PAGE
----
What is it?
A painless patch, the future of vaccination. People who are afraid of needles can start relaxing now. Georgia Tech’s Mark Prausnitz developed a painless patch like a band-aid, you just slap it onto the patient’s skin. The patch consist of 100 microneedles that transport the antibiotics against the flu, rubella or the measles. Although measles and rubella are easily preventable diseases, every year a lot of people die from these diseases. After 20 minutes the microneedles dissolve into the skin and the patch can be thrown away. The patient will be fully vaccinated.
Why is it cool?
Needles are the most effective way to vaccinate, but there are so many problems in the developing world. Also you need special training to administer a vaccine and refrigeration is required to keep the normal needle vaccination viable. This new patch requires no training whatsoever, there is no refrigeration necessary and the patch will have the same price as a traditional vaccine. Because there is no training needed, people can take matters in their own hands and have a chance of saving many lives in for example developing countries. Doctors will not be necessary anymore. If the patch will work the general guality of life will get better. Mark Prausnitz and the National Institute of Health are trying this technology with different vaccines.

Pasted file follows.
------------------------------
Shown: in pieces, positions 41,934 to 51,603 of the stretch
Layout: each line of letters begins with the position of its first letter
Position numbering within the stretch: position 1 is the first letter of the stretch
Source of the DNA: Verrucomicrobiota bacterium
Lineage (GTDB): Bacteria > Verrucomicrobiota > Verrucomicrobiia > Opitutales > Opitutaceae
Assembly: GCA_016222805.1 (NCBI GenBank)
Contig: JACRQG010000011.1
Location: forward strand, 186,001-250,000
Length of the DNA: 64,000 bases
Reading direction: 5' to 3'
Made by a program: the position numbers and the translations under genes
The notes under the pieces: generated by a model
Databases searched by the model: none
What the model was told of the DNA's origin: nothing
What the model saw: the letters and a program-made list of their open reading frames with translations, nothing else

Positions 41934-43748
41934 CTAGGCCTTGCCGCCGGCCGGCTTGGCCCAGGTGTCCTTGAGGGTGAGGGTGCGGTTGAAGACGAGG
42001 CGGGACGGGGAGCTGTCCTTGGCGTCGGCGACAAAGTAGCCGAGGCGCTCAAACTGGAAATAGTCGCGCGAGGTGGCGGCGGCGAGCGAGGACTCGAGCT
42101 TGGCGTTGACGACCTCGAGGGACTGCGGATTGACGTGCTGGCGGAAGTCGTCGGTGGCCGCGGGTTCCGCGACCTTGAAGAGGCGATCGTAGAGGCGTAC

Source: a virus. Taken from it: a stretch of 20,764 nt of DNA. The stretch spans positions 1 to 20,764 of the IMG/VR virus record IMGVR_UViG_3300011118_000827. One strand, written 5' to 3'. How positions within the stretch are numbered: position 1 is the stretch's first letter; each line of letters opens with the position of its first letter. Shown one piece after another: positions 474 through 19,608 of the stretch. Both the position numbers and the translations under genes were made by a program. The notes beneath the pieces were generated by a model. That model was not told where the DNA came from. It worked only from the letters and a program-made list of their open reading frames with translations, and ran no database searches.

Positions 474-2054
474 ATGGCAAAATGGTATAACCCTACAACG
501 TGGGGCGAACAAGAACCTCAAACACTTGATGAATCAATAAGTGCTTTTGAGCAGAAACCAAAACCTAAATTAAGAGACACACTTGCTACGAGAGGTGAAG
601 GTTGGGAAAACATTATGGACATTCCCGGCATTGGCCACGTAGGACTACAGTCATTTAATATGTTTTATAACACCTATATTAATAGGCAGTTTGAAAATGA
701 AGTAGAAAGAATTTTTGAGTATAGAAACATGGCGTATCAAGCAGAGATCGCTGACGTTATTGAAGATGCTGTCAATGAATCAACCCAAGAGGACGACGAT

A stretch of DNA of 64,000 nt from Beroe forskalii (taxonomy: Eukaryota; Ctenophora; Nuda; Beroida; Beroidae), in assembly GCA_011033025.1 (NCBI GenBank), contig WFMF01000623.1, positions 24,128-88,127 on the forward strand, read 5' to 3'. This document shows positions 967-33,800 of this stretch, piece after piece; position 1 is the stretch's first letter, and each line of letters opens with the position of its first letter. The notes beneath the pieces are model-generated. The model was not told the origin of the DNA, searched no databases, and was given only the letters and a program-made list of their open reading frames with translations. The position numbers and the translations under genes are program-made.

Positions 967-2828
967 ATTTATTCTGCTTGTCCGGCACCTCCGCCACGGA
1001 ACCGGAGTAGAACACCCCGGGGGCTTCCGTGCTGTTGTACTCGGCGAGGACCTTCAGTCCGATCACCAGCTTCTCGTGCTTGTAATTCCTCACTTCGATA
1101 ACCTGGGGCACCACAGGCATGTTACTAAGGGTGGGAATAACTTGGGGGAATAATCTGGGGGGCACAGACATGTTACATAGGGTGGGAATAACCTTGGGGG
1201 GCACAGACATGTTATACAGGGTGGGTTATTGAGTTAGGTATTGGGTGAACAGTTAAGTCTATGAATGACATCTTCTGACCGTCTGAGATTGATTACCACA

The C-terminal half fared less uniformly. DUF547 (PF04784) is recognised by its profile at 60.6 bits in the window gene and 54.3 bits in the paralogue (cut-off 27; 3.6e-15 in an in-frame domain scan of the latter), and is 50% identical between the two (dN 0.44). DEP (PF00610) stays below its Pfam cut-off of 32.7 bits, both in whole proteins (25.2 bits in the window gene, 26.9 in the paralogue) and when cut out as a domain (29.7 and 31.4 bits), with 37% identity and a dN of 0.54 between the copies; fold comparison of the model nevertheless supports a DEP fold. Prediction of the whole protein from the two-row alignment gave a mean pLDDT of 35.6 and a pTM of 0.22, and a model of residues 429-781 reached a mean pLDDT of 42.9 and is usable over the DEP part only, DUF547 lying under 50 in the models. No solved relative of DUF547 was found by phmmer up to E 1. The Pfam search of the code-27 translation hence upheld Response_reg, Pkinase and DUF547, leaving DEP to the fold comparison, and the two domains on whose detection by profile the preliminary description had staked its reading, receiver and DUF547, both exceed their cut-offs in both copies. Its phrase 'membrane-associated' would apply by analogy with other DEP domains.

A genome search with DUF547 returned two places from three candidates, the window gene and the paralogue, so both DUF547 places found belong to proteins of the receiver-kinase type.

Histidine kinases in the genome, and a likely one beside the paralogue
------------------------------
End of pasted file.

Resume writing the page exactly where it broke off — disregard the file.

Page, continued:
How can this patch be reality?
Because the growth of developing technology this patch can be made and will maybe have a very big role in the health sector. This microneedle patch ensures you don’t have to go to a doctor and don’t feel pain. So why not?